As we’ve covered so far, the weather will be great in September, so it’s hard not to pick a location on the coast. Dubrovnik should be as busy it always is, and there’s certainly a large number of cruise ships scheduled to dock during that month, bringing thousands of (day trip) passengers at a time. Split has had a great season so far, so it wouldn’t be any surprise to see this place as bustling as it has been. (Seeing as it’s Croatia’s second largest city, it is relatively lively all year round!) Some of the more popular islands, such as Brac and Hvar, and other popular locations on the coast (the Makarska Riviera) are still likely to receive a good number of visitors, even whilst the season starts to wind down.
If you’re after something a little quieter, perhaps consider the most outlying of all the larger Croatian islands – Vis. As a quieter and slightly mystical destination any time of year, we think this place would be divine in September. Other islands to check out include those in the Kvarner bay such as Krk, Cres, Losinj or Rab, all of which are perhaps not as well known amongst non-Continental European visitors.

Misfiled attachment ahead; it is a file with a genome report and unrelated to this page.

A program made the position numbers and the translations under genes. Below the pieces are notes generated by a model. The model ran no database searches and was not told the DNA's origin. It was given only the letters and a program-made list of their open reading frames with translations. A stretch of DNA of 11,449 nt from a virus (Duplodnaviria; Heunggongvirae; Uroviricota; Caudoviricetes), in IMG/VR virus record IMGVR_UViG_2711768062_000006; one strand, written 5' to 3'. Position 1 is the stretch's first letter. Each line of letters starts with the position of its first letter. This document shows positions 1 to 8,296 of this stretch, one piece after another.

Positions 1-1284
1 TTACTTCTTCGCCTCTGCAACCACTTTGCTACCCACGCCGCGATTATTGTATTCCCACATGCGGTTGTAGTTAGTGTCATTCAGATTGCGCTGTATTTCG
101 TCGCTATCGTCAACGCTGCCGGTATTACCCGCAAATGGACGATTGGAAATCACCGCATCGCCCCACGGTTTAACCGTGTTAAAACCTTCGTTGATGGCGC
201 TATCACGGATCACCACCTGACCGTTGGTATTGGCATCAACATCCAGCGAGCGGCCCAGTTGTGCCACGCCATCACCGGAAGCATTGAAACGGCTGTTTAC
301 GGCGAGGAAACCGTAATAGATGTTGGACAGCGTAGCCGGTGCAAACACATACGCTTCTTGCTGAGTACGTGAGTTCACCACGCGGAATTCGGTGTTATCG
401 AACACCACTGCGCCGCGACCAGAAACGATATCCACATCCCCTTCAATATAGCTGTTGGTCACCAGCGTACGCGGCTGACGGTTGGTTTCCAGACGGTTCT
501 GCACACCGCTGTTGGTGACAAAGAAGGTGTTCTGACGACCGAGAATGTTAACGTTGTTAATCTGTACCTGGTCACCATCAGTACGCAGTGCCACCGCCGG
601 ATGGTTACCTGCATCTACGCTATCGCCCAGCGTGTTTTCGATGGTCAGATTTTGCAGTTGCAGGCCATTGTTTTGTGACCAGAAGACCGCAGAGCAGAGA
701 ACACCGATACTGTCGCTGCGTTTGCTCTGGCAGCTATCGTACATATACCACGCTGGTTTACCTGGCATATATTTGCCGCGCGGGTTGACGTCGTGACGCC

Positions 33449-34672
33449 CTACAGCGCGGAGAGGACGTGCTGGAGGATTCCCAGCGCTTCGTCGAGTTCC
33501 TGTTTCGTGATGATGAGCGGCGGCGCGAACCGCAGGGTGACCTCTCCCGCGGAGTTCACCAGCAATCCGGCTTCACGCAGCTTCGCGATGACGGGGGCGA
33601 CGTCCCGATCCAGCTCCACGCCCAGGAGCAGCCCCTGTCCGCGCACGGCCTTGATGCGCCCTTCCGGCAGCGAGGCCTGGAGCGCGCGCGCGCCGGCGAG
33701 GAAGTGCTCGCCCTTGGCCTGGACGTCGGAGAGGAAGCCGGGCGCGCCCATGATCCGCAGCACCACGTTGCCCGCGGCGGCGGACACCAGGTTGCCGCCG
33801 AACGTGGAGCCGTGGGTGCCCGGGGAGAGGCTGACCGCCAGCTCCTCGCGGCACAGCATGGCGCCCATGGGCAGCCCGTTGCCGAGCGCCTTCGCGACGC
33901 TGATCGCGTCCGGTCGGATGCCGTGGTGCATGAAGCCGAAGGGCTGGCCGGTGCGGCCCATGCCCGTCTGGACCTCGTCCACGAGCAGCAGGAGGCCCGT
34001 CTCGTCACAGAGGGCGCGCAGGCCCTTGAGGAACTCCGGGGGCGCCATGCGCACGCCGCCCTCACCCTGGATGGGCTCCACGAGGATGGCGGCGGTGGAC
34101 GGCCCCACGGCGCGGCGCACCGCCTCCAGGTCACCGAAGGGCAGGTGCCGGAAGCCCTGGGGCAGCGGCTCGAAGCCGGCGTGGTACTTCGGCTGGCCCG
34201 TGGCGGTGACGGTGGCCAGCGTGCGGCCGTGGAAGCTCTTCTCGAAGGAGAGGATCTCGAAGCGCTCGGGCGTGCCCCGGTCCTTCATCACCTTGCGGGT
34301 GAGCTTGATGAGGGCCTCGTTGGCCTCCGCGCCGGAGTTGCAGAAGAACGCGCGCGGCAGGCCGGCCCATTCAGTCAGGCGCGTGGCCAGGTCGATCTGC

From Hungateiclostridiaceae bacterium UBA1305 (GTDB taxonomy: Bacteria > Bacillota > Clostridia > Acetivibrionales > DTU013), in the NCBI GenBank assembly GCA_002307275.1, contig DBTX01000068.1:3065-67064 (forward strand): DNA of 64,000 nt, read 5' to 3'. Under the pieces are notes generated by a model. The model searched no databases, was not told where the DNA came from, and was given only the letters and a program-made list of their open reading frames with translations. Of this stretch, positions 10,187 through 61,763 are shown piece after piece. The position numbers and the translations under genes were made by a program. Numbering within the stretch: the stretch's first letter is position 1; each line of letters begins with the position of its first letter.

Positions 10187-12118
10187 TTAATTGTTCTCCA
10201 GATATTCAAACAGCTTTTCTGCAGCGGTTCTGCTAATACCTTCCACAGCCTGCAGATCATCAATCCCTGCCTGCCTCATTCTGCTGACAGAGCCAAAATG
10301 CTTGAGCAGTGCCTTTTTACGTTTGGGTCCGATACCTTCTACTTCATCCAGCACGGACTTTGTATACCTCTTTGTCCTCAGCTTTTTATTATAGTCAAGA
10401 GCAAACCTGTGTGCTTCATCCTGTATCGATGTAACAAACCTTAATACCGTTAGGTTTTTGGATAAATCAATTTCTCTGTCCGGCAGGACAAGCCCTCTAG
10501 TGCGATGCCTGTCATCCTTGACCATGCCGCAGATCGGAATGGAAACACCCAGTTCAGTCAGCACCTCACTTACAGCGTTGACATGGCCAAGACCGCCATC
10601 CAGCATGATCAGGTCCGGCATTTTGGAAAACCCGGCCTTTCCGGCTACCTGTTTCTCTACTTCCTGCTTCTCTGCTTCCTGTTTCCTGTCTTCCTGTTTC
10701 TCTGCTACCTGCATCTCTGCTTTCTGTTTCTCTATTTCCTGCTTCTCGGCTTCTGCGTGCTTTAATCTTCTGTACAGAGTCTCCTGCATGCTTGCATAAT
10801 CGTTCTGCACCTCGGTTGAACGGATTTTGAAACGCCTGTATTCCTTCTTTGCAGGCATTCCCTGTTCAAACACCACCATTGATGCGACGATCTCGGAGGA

Istria is of course one of the most popular destinations in the whole of Croatia, with delights such as Porec, Rovinj and Pula all located here. The county has suffered a slight fall in visitor numbers this year, but will still see good numbers overall. If you’d like to visit, why not consider something like a foodie or activity-based holiday – two things the region does very well! Check out Istria Tourist Board’s guides to gastronomy and sport.
From a logistical point of view, almost all flights from the UK to Croatia still operate in September – and well into October too. The one exception to this is Ryanair’s flights from London Stansted to Rijeka Airport stopping at the end of August. See our Flights to Croatia page for details of all routes to Croatia from the UK.
Do note that in almost all cases, ferry schedules will still be running to summer timetables until the end of September. Certainly, almost all of Jadrolinija‘s local routes remain the same until the end of September, as does their twice-a-week coastal route that runs Rijeka – Split – Stari Grad (Hvar) – Korcula – Mljet – Dubrovnik and vice versa. The exception lies with some of their international sailings (to Italy) that reduce in frequency in September, and again further in October. Venezia Lines‘ sailings between Istria and Venice will only operate from Porec and Rovinj during September.